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#100 and other poems by Elizabeth Schmuhl

I have a certain fantasy:
the earth that holds me
swallows me
deliberately.

No one digs me a grave.

What a luxury to slip
beneath
into cool darkness.

On my skin: worms and ants.
A lullaby of movement.

I always knew death
could be this sweet.


#22

I am waiting for him to come
again the Queen Anne’s Lace
nodding in the wind
tiny blinking stars, and the summer
insects singing: a thick wall
of sound.

I press up onto my forearms and
follow the noise until I reach
the end of the row.

My head aches in this lemon light.

Why can’t I be the girl who is lifted
by a small cool breeze? Whose petals
make the ground unbearably beautiful?

I am here in this field waiting
to be fertilized
like everything else.

How silly to be with a human
when there are still
so many bees.


#66

My children leave at night.
Twins, they paint their faces
similarly. Two human mirrors
looking for arrow heads.

I dream of their hands
red with sumac. They are digging
in the south orchard’s sand.

The moon is heavy and cocooning.
Supportive in its light, milky glow.

They show each other the pieces of flint
as they find them, placing them
into their pockets.

They work quickly
look up at the house
worried I’ll come
running toward them. But I
keep dreaming let them
dig until morning.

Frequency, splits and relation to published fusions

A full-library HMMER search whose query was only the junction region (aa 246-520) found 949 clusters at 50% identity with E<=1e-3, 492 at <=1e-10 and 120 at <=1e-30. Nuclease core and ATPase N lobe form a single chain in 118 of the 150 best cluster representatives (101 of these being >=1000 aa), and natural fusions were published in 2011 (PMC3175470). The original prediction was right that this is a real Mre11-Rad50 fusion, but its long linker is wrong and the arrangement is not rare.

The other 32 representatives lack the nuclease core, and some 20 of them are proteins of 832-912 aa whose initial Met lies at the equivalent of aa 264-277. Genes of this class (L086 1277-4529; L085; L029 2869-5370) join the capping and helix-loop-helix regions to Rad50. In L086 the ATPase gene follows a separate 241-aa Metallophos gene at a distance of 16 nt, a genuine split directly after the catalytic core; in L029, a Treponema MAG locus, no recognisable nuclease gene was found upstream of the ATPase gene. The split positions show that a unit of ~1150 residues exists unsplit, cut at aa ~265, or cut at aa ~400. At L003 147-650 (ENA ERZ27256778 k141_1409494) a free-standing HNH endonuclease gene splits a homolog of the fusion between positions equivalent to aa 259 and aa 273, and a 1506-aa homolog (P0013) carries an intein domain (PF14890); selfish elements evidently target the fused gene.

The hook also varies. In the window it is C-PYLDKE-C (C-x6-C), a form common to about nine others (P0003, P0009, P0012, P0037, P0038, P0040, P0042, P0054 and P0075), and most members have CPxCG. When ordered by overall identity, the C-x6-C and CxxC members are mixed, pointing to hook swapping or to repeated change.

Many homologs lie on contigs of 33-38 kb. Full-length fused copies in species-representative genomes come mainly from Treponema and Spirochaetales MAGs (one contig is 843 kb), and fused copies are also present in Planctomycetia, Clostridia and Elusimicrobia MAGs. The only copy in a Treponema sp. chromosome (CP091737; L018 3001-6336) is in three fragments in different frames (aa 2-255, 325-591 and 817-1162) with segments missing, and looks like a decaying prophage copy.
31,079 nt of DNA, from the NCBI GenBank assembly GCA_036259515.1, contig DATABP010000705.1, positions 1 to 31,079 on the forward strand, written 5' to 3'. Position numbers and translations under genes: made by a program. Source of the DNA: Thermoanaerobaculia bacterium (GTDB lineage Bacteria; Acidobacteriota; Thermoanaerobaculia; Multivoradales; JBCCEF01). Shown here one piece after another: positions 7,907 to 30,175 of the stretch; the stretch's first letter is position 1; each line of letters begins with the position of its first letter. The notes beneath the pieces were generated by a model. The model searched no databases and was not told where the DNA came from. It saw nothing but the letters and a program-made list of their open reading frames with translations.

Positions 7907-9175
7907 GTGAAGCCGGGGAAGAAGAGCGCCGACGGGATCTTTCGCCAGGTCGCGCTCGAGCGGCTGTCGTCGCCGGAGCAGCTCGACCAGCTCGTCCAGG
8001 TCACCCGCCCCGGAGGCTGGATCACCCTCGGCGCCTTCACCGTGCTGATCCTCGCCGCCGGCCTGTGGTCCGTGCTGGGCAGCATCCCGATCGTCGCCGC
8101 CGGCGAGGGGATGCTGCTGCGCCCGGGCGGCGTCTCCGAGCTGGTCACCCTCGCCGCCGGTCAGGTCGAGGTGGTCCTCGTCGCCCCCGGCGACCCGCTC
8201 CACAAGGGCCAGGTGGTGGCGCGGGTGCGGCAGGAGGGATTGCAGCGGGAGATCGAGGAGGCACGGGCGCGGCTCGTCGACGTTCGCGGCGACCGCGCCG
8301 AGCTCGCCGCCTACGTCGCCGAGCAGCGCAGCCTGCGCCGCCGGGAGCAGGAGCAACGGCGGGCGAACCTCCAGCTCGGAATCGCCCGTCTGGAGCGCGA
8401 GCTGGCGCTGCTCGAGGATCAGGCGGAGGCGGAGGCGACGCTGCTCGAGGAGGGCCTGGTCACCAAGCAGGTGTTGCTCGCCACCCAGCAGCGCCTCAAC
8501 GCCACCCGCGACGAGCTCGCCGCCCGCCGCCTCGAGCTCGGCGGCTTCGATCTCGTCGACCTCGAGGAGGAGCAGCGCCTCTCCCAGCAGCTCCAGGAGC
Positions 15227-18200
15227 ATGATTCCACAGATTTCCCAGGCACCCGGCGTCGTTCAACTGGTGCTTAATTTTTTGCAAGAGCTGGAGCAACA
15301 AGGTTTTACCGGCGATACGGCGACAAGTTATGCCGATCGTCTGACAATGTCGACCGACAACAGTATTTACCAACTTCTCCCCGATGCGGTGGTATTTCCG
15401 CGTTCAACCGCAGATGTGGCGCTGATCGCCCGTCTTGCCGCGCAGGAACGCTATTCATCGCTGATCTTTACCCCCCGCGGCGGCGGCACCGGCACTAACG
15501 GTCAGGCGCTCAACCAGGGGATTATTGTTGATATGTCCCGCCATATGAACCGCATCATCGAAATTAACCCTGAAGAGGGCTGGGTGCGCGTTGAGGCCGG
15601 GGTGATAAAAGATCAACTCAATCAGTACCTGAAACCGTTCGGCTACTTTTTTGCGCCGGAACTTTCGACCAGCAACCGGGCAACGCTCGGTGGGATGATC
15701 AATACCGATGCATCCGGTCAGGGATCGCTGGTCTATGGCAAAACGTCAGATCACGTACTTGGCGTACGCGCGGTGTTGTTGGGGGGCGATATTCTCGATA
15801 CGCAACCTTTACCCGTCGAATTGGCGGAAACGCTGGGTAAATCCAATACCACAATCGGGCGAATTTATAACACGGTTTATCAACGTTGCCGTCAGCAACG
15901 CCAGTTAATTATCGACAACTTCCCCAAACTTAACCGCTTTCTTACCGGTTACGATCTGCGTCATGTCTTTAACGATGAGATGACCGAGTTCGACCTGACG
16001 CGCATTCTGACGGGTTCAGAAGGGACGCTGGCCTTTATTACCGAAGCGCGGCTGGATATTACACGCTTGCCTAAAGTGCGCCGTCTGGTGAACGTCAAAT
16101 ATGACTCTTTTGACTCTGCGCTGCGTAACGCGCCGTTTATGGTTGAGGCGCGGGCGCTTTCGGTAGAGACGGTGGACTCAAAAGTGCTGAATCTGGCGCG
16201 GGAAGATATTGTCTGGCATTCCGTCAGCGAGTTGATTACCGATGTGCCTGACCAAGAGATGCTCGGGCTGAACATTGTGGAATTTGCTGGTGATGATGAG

When I wake, go into their rooms
they are missing.

I let them stay that way.

I am a mother who understands
the need to be.

I’ll see them again
when we dream.


#86

Here the only mountains are my elbows
or my knees.
When I bend them just so
I fall back in love with myself.

Thank goodness.

Eating blackberries is one way
I’ve found to redeem myself.
The sweetness transfers,
transforms my wickedness
and I become a true romantic
who writes letters to the sky
while my relatives plot my death.

Over dinner they eat bread
not for the remembrance of my body
but as a promise.
One day they’ll conquer
have me however they wish
maybe with butter, gravy,
stale, the morning after.

Please, I’m begging, throw me out
feed me to the birds.
Can’t you please grant me
a dying wish?

About the author:

Elizabeth Schmuhl is a multidisciplinary artist. She is the author of Presto Agitato (Dancing Girl Press & Zoo Cake Press, 2015) and Premonitions (Wayne State University Press, forthcoming). She has taught writing at the University of Michigan, and currently illustrates essays for The Rumpus.

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1 Comment on #100 and other poems by Elizabeth Schmuhl

  1. AMAZING

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